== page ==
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  1. Assessing reading comprehension. The beginning teacher is able to use informal and formal procedures to assess students’ comprehension of narrative and expository texts and their use of comprehension strategies. The teacher knows how to sue this information to provide effective instruction in reading comprehension.
  2. Fluency and other factors affecting comprehension. The beginning teacher understands factors affecting reading comprehension (e.g., reading rate and fluency, word recognition, prior knowledge and experiences, vocabulary) and knows how proficient readers read. The teacher is able to use this knowledge to plan and deliver effective instruction in reading comprehension.
  3. Facilitating comprehension. The beginning teacher is able to facilitate comprehension at various stages of students’ reading development (e.g., before students learn to read, as they are learning to read, and as they become proficient readers). The teacher is able to select and use a range of activities and strategies before, during, and after reading to enhance students’ comprehension (e.g., developing background knowledge, encouraging predictions, questioning, conducting discussions).

 

 

CONTENT SPECIFICATIONS

READING INSTRUCTION COMPETENCE ASSESSMENT (RICA)

  1. Different levels of comprehension. The beginning teacher knows the levels of comprehension and is able to model and explicitly teach comprehension skills. These include (a) literal comprehension skills (e.g., identifying explicitly stated main ideas, details, sequence, cause-effect relationships, and patterns); (b) inferential comprehension skills (e.g., inferring main ideas, details, comparisons, cause-effect relationships not explicitly stated; drawing conclusions or generalizations from a text; predicting outcomes); and (c) evaluative comprehension skills (e.g., recognizing instances of bias and unsupported inferences in texts; detecting propaganda and faulty reasoning; distinguishing between facts and opinions; reacting to a text’s content, characters, and use of language). The teacher is able to select materials (both narrative and expository texts) to support effective instruction in these areas.
  2. Comprehension strategies. The beginning teacher is able to model and explicitly teach a range of strategies students can use to clarify the meaning of text (e.g., self-monitoring, rereading, note taking, outlining, summarizing, mapping, using learning logs). The teacher knows how to select materials and create opportunities for guided and independent practice using comprehension strategies.

CONTENT AREA 8: Literary Response and Analysis

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Literary response and analysis refer to a process in which students extend their understanding and appreciation of significant literary works representing a wide range of genres, perspectives, eras, and cultures. Literature provides readers with unique opportunities to reflect on their own experiences, investigate further ranges of human experience, gain access to unfamiliar worlds, and develop their own imaginative capacities. Students who are fully engaged in literature find a rich medium in which to explore language. Teachers need to provide explicit instruction and guided practice in responding to literature and analyzing literary text structures and elements.

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  1. Assessing literary response and analysis. The beginning teacher is able to assess students’ responses to literature (e.g., making personal connections, analyzing text, providing evidence from text to support their responses) and use that information to plan appropriate instruction in these areas.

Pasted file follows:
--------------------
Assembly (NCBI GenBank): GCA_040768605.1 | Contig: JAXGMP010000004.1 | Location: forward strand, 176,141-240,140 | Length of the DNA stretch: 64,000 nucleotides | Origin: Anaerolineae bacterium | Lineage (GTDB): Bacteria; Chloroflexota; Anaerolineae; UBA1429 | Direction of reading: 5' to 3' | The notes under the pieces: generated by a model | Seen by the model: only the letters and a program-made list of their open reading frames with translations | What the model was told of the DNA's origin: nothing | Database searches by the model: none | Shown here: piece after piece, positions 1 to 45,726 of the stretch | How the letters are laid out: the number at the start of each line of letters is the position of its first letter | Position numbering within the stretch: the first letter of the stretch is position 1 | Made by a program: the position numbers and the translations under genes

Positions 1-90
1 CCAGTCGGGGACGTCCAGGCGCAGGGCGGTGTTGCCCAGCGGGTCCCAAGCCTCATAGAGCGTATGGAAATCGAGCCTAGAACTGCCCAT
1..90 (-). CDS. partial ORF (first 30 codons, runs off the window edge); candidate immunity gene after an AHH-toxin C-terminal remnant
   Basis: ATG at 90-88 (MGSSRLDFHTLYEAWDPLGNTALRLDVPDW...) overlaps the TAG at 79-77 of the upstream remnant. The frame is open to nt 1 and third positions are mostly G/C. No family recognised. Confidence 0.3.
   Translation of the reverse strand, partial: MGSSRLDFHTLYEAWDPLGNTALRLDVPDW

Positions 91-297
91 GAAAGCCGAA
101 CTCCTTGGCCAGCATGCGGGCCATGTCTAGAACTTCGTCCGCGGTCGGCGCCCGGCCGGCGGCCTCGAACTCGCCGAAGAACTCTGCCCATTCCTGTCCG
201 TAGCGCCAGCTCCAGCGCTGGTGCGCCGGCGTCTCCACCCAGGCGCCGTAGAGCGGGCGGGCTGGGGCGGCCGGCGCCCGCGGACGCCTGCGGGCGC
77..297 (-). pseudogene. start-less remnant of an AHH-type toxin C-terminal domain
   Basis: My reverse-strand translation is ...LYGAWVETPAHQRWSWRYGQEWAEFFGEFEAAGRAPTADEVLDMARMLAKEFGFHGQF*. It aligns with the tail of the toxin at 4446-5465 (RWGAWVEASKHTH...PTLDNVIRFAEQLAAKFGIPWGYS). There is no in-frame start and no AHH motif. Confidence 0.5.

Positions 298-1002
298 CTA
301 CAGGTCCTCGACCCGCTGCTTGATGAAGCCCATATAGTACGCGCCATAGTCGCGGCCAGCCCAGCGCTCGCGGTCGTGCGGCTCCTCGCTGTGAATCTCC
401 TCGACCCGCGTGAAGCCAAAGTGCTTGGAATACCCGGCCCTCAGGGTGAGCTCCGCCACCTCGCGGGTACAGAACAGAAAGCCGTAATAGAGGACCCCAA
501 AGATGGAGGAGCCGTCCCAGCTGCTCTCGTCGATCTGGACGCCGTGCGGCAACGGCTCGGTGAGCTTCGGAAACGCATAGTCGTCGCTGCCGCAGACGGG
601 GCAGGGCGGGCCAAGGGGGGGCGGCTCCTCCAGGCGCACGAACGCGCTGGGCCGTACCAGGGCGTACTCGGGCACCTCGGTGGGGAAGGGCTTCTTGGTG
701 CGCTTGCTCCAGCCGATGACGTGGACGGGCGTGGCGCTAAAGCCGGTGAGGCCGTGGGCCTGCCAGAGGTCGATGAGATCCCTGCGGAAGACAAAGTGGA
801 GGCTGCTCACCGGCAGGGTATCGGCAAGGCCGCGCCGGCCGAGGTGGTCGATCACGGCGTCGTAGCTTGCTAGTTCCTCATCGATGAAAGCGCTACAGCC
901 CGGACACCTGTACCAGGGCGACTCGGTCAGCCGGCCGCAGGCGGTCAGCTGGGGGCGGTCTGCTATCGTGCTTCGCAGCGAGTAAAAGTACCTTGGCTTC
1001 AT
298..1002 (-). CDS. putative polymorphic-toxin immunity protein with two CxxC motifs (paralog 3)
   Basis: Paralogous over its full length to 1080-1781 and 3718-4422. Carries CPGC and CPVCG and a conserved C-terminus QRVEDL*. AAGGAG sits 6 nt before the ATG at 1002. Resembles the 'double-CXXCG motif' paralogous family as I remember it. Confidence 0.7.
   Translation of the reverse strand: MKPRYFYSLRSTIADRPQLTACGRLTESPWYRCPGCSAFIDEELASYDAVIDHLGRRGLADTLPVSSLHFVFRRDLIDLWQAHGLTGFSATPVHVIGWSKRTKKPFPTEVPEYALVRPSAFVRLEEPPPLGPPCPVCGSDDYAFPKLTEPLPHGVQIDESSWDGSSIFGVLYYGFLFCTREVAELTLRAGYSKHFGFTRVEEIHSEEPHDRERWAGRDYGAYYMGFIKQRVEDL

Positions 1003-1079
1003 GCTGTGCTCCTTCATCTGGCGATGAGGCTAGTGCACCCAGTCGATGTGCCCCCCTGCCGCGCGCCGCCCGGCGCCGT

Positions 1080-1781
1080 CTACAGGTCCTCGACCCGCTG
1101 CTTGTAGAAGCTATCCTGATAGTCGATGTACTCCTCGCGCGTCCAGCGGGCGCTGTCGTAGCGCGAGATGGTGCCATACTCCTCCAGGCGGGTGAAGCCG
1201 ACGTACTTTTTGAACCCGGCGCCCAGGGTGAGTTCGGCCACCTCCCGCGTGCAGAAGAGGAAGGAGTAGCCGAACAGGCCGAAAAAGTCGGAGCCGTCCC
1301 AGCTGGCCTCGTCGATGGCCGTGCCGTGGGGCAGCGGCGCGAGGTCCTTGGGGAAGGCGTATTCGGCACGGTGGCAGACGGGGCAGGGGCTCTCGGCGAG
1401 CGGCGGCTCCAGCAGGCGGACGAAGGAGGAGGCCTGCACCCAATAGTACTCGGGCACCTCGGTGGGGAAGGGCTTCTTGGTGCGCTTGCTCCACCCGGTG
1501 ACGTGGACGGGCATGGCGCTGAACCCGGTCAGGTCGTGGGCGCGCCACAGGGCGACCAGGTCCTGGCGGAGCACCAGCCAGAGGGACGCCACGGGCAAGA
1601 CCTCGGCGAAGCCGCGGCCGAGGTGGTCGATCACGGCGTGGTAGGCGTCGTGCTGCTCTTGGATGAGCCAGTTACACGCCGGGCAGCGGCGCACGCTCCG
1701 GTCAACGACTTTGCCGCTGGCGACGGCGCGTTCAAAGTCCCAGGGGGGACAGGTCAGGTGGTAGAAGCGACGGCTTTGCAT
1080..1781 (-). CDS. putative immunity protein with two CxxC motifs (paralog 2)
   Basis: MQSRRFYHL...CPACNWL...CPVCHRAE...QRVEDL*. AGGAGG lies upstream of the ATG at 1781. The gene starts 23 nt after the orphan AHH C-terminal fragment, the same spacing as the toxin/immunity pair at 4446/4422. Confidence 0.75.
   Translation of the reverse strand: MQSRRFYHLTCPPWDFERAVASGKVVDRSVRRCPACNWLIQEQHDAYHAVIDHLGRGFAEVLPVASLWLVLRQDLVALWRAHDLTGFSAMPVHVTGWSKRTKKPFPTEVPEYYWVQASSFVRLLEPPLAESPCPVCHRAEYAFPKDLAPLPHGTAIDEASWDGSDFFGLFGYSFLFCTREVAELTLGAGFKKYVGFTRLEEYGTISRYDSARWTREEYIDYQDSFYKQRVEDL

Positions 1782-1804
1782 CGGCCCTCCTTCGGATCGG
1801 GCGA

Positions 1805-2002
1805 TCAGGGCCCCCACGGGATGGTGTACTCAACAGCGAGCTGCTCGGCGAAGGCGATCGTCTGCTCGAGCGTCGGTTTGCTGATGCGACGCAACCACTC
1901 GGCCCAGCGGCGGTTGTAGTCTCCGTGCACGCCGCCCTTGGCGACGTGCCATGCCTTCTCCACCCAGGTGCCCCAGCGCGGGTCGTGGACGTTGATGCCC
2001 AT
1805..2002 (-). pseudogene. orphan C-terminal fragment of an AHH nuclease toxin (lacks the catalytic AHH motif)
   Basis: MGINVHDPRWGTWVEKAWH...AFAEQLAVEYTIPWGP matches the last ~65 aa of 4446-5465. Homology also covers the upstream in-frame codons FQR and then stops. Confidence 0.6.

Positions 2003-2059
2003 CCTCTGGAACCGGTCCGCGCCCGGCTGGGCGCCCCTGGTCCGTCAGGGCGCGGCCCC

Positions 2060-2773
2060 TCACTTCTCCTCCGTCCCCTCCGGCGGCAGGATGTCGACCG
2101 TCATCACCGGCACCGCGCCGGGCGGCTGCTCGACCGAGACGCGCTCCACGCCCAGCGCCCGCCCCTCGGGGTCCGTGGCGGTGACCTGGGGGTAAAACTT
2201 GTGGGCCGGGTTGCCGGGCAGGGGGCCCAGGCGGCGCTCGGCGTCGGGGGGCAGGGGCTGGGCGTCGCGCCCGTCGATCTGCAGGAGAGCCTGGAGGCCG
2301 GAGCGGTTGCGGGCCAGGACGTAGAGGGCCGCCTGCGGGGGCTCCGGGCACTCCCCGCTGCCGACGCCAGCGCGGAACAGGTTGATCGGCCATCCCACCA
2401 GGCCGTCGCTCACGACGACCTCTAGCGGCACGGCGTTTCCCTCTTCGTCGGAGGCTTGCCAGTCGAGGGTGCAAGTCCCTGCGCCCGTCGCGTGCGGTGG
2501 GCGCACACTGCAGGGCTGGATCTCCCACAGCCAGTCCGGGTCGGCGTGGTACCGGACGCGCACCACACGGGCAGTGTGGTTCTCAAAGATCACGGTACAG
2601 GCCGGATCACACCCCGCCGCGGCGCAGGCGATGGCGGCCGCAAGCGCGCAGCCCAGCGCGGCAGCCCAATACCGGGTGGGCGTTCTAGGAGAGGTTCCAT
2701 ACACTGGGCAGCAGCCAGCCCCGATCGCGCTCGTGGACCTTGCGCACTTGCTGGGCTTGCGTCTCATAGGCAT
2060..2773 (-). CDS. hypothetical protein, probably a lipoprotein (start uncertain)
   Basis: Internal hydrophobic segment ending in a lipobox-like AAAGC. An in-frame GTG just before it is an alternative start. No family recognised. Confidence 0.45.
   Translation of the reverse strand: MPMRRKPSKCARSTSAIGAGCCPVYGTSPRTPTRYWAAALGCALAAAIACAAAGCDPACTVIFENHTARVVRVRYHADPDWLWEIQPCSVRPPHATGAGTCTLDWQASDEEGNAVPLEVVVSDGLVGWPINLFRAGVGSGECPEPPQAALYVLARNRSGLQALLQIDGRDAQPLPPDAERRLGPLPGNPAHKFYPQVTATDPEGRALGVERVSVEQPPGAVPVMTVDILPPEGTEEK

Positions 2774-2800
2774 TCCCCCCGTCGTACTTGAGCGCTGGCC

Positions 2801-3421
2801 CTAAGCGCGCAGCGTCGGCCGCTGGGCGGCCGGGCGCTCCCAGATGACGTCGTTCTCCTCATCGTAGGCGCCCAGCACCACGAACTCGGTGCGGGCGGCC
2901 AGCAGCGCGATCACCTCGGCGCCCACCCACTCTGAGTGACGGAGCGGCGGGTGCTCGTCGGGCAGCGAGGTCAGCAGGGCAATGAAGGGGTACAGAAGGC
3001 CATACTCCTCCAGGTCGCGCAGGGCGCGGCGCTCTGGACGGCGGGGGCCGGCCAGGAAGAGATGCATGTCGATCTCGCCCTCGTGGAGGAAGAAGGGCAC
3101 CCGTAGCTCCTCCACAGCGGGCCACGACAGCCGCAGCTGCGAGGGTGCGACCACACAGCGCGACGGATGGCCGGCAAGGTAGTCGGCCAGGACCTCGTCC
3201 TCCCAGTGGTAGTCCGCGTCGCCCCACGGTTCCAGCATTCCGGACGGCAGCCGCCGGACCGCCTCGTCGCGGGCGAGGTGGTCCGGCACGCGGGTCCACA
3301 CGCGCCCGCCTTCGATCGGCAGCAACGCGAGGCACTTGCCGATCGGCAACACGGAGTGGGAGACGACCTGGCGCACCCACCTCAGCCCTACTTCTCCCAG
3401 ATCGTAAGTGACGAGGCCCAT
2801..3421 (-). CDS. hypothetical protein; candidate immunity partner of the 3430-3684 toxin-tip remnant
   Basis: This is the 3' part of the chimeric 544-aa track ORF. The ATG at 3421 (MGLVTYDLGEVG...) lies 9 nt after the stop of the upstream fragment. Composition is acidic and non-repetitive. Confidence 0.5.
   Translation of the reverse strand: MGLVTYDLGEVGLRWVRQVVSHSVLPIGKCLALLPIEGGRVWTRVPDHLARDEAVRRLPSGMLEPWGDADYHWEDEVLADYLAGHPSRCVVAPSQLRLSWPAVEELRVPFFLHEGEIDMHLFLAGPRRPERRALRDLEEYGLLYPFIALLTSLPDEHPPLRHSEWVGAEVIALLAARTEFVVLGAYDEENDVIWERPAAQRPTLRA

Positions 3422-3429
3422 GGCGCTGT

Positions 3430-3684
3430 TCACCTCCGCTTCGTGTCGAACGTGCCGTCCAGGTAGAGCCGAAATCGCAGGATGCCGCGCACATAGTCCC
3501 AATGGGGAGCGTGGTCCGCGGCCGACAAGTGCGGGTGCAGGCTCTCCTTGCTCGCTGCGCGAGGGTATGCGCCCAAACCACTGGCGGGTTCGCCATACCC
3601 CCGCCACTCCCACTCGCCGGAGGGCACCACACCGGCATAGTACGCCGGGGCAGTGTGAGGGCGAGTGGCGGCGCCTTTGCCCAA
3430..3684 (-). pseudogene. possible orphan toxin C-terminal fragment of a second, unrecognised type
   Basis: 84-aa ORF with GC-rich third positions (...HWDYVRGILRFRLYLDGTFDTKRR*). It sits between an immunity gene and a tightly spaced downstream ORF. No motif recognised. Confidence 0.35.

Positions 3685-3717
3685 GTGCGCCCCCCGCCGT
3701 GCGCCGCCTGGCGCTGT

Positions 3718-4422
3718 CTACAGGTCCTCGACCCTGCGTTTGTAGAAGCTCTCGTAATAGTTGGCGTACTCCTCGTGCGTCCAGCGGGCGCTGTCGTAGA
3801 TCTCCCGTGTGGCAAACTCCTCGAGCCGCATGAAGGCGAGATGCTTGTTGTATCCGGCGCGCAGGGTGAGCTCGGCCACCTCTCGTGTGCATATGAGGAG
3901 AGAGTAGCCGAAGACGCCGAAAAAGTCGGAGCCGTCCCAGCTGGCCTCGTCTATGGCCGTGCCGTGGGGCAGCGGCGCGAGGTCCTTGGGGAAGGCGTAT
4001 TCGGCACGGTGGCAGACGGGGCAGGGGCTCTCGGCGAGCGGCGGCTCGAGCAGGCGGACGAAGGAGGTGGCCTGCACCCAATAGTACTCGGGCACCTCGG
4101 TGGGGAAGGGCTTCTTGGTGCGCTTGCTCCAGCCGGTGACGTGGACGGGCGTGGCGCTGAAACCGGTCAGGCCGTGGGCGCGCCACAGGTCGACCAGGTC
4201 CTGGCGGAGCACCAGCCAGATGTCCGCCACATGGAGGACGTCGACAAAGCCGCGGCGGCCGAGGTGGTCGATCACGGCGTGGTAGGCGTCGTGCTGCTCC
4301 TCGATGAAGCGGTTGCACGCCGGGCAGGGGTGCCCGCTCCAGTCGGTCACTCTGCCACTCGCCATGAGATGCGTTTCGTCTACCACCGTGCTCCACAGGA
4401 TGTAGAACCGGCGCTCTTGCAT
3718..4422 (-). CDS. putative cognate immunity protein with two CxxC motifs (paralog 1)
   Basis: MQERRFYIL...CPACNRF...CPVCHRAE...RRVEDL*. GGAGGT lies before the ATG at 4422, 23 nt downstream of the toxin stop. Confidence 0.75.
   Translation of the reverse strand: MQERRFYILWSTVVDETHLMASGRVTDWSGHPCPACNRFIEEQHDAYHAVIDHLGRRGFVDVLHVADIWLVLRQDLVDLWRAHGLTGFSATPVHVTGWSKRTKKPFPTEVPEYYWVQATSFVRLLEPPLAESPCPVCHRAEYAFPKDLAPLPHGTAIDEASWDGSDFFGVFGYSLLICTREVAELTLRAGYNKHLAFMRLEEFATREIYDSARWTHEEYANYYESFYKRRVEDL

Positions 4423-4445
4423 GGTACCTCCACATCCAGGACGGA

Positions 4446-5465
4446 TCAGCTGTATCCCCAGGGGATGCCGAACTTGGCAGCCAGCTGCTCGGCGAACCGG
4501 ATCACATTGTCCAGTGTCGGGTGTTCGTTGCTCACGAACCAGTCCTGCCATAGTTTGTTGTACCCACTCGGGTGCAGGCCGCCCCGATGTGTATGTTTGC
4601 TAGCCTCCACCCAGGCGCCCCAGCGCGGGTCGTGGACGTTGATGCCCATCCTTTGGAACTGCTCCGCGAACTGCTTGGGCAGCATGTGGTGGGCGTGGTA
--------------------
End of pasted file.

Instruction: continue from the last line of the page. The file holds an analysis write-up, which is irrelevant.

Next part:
CONTENT SPECIFICATIONS

READING INSTRUCTION COMPETENCE ASSESSMENT (RICA)

  1. Responding to literature. The beginning teacher is able to select literature from a range of eras, perspectives, and cultures and provides students with frequent opportunities to listen to and read high-quality literature for different purposes. The teacher knows how to use a range of instructional approaches and activities for helping students apply comprehension strategies when reading literature and for developing students’ responses to literature (e.g., using guided reading, reading logs, and discussions about literature; encouraging students to connect elements in a text to other sources, including other texts, their experiences, and their background knowledge).
  2. Literary analysis. The beginning teacher knows and can teach elements of literary analysis and criticism (e.g., describing and analyzing story elements, recognizing features of different literary genres, determining mood and theme, analyzing the use of figurative language, analyzing ways in which a literary work reflects the traditions and perspectives of a particular people or time period). The teacher is able to select literature that provides clear examples of these elements and that matches students’ instructional needs and reading interests.

CONTENT AREA 9: Content-Area Literacy

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Content-area literacy refers to the ability to learn through reading. Learning in all content areas is supported by strong reading comprehension strategies and study skills. Students need to know how to apply a variety of reading comprehension strategies to different types of texts, analyze the structures and features of expository (informational texts, and select and vary their reading strategies for different texts and purposes. Teachers need to model and provide explicit instruction in these skills and strategies and provide students with frequent opportunities for guided and independent practice using them..

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  1. Assessing content-area literacy. The beginning teacher is able to assess students’ comprehension in content-area reading and use that information to provide effective instruction.